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I remember back then there was less than unanimous acceptance of wider freewheels due to concerns of the chain angle, so some builders or customers may have felt that U-6 was superior to std-6 spacing.
As well, the revolutionary, bushingless Sedisport arrived around this time, was narrower-spaced to suit narrow cog spacing and was more flexible which lessened noise and power loss associated with cross-chaining.
So (theoretically at least) U-6 had a lot going for it, in addition to it performing well and being utterly reliable. It was quickly followed by U-7 around 1979, which put Suntour several years ahead of their arch-competitor's offerings in terms of gearing spread.


A couple of datapoints here:
Using narrow chain, rear axle spacing can leave as little as 3mm of axle locknut protruding past the outer face of the smallest cog. This is also dependent on frame configuration as in seatstay attachment profile, and on smallest cog size.
Additional locknut protrusion may be needed to clear any inwardly-protruding claw-mount derailer hanger or axle spacer hardware that can contact the chain or freewheel.
I've used standard-spaced 6s freewheels on 120mm French hubs with only 1 or 2mm washer added to the driveside axle spacing, but other brands of hubs (such as Campagnolo) often didn't leave so much unused locknut protrusion on their (ostensibly 5s) 120mm hubs.
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Old 03-26-18, 05:06 AM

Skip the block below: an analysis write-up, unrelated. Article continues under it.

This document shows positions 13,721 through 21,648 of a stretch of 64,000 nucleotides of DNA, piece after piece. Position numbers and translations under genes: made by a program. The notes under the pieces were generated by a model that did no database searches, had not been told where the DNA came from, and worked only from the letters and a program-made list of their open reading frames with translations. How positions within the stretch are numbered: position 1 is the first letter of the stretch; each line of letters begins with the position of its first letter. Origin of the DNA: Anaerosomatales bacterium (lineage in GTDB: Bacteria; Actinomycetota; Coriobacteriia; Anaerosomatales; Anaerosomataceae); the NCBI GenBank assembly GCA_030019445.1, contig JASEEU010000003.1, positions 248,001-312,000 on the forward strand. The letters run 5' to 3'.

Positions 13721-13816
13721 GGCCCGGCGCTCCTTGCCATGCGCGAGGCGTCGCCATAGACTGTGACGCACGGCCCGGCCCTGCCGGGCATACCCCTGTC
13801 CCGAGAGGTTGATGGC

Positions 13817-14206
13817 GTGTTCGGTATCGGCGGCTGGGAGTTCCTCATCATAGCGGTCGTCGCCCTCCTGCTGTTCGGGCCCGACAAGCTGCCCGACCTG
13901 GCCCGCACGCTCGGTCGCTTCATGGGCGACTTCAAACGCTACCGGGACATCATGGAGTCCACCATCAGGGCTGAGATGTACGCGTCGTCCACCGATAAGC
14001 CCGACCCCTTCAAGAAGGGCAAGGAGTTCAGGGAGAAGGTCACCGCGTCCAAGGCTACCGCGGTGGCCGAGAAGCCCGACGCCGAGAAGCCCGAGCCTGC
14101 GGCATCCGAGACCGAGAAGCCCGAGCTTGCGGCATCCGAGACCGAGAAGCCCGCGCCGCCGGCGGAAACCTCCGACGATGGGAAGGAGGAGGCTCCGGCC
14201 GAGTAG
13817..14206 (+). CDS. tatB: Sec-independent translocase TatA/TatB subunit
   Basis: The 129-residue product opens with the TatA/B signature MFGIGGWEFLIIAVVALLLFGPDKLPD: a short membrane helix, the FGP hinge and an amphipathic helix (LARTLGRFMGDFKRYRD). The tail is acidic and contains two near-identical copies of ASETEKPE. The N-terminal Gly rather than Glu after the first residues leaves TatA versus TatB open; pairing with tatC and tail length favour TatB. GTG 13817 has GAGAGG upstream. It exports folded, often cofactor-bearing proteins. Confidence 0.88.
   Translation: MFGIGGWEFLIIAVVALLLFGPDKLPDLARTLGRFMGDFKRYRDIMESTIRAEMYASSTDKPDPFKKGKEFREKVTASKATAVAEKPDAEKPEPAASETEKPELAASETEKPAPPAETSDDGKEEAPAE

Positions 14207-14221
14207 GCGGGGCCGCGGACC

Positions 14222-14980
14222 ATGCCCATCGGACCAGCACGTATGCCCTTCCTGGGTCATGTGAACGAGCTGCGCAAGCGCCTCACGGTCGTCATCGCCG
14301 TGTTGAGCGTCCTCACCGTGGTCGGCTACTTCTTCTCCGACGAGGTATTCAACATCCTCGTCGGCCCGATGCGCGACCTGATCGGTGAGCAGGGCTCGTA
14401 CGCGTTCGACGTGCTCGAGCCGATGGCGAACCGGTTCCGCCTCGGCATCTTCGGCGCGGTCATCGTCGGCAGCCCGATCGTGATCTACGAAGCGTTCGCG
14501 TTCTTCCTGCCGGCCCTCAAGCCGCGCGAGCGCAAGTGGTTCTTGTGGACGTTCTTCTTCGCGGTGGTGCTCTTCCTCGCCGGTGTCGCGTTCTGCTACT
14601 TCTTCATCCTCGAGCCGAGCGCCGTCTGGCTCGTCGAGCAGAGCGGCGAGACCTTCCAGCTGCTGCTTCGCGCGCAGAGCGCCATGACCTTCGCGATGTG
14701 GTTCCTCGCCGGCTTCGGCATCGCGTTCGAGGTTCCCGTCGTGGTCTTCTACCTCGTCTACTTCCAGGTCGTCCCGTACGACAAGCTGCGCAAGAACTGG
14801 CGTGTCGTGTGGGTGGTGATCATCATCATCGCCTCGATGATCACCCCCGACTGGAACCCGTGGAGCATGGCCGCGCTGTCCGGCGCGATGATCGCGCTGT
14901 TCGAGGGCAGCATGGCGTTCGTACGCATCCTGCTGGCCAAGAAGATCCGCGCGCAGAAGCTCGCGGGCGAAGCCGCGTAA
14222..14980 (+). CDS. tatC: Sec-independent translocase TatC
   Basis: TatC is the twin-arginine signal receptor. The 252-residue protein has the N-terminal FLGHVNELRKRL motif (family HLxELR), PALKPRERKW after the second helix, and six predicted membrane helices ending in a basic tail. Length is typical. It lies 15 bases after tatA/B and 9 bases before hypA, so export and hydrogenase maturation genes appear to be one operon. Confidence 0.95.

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DDude, you measure the spacing as the average between the alpha and beta surface, minus the square of the singulum diameter times PI, accounting for the crossover position of course. Except on Tuesday.

I've seen different FW with different amounts of offset between the locknut surface and the outer edge of the sprockets. The result was that even with nominally identical spacing one could be fit into the bike and the other couldn't. (Unfortunately the one I wanted was the one that didn't fit.) I've also seen bikes where the chainstay protruded different amounts on the inside of the DO.
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Old 03-26-18, 05:09 AM
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Mystery solved, DD. Great work C&V!
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Old 03-26-18, 07:09 PM
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Originally Posted by jimmuller View Post
DDude, you measure the spacing as the average between the alpha and beta surface, minus the square of the singulum diameter times PI, accounting for the crossover position of course. Except on Tuesday.

I've seen different FW with different amounts of offset between the locknut surface and the outer edge of the sprockets. The result was that even with nominally identical spacing one could be fit into the bike and the other couldn't. (Unfortunately the one I wanted was the one that didn't fit.) I've also seen bikes where the chainstay protruded different amounts on the inside of the DO.
Hmmm...that's strange. As soon as I started to read this I felt the beginnings of a headache; wonder what's up with that?

As for the bold portion: I've seen this a lot over the years, too. In all previous cases it was only a couple/three millimeters difference and I could always spread the rear end enough by hand to fit a slightly-wider wheel. A bit of a PITA, but workable.